Welcome back to National Parks and other public lands with T!
The Martin Van Buren National Historic Site in Kinderhook, New York preserves the home of the 8th president of the United States. Van Buren was the first president to be born an American citizen and helped found the Democratic Party.
Van Buren moved here to the home he called Lindenwald in the mid 1800s after serving out his presidential term and losing his bid for re-election. The nation teetered on the brink of civil war. It was a tumultuous time in our history.
Van Buren had no intention of retiring in Lindenwald. He enlarged the home and ran two more presidential campaigns, using the mansion as his campaign headquarters. Ultimately, he conceded defeat and became a ‘gentleman farmer’ on the 220 acre estate. The home was again expanded to 36 rooms, complete with modern conveniences such as running water.
My husband and I stopped at the visitors center several years ago on our way up to Lake Placid. The only way to see the inside of the home is on a ranger-guided tour, so we took the tour. We didn’t know much about Martin Van Buren or his presidency and so we enjoyed the ranger’s informative talk as we walked through the mansion.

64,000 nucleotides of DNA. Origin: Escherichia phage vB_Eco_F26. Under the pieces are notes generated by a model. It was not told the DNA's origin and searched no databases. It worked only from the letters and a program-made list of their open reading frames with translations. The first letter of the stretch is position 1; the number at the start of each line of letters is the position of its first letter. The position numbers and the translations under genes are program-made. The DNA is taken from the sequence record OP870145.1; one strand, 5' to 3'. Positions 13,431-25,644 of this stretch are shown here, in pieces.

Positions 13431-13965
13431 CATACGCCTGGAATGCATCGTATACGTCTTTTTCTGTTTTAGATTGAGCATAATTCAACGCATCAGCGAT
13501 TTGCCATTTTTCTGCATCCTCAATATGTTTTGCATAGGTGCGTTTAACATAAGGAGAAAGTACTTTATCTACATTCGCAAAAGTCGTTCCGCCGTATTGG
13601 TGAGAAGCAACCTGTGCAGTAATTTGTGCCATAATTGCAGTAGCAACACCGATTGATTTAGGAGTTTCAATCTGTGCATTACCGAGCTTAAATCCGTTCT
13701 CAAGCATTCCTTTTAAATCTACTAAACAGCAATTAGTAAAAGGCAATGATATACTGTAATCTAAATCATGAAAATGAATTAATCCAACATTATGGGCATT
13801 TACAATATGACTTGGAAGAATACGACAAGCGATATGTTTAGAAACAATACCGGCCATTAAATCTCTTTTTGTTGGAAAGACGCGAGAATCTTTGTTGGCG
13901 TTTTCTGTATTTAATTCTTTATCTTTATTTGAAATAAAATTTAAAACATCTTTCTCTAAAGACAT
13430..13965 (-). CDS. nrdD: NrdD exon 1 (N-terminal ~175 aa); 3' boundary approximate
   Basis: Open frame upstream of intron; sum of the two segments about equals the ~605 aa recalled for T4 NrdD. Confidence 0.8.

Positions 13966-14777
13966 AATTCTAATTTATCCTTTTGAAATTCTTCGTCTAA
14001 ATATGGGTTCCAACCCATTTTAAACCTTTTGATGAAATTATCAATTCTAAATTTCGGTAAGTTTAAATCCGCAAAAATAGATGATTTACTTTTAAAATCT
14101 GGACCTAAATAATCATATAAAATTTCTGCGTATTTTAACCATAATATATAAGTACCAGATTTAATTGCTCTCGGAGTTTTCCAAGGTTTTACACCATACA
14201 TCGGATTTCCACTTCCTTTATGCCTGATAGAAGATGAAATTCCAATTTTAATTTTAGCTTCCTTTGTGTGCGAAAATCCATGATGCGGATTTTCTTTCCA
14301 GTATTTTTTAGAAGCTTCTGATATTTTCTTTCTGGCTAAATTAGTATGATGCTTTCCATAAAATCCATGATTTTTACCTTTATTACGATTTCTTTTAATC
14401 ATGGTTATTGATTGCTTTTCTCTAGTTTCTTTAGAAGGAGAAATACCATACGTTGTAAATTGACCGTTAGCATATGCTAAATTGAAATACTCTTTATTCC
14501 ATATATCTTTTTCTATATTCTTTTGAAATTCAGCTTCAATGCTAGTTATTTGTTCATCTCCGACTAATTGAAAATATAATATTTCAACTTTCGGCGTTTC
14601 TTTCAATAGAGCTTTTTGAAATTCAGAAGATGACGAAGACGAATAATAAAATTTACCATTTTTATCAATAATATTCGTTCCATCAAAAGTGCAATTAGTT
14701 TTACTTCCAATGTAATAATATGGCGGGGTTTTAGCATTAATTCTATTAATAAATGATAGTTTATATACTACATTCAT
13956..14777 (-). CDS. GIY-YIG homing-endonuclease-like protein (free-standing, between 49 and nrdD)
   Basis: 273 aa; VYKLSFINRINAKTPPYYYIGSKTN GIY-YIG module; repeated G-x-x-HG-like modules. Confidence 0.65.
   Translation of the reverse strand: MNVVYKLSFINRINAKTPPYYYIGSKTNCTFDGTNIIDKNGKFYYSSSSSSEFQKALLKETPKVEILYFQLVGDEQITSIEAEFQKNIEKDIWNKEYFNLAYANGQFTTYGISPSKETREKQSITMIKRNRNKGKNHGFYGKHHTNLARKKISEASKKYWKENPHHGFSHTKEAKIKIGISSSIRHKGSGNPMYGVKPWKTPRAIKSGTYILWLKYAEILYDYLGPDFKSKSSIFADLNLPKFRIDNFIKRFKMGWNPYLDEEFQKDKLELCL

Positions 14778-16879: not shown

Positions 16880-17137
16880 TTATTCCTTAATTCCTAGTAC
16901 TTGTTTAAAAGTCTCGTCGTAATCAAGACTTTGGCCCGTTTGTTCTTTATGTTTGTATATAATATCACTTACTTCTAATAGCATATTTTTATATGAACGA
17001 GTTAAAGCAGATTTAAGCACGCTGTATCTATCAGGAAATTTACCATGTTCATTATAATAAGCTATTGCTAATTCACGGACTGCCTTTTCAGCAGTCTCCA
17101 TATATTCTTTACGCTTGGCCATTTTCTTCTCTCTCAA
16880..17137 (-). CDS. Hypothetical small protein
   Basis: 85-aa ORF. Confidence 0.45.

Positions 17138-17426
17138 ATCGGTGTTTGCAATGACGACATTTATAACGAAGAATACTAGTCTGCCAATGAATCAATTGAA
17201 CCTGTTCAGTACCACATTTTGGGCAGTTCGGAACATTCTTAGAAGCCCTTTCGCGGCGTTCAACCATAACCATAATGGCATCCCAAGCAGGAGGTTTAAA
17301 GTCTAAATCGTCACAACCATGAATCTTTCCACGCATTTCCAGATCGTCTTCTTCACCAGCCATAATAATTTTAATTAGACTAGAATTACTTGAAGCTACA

The home has many interesting architectural details, like the Ogee Arch in the formal parlor and the Palladian window in the second floor bedroom and the stair tower that connects the old and new portions of the home. The home was designed to impress as Van Buren frequently entertained his political guests here.
Location: Kinderhook, NY
Designation: National Historic Site
Date designated/established: October 26, 1974
Date of my visit: July 25, 2011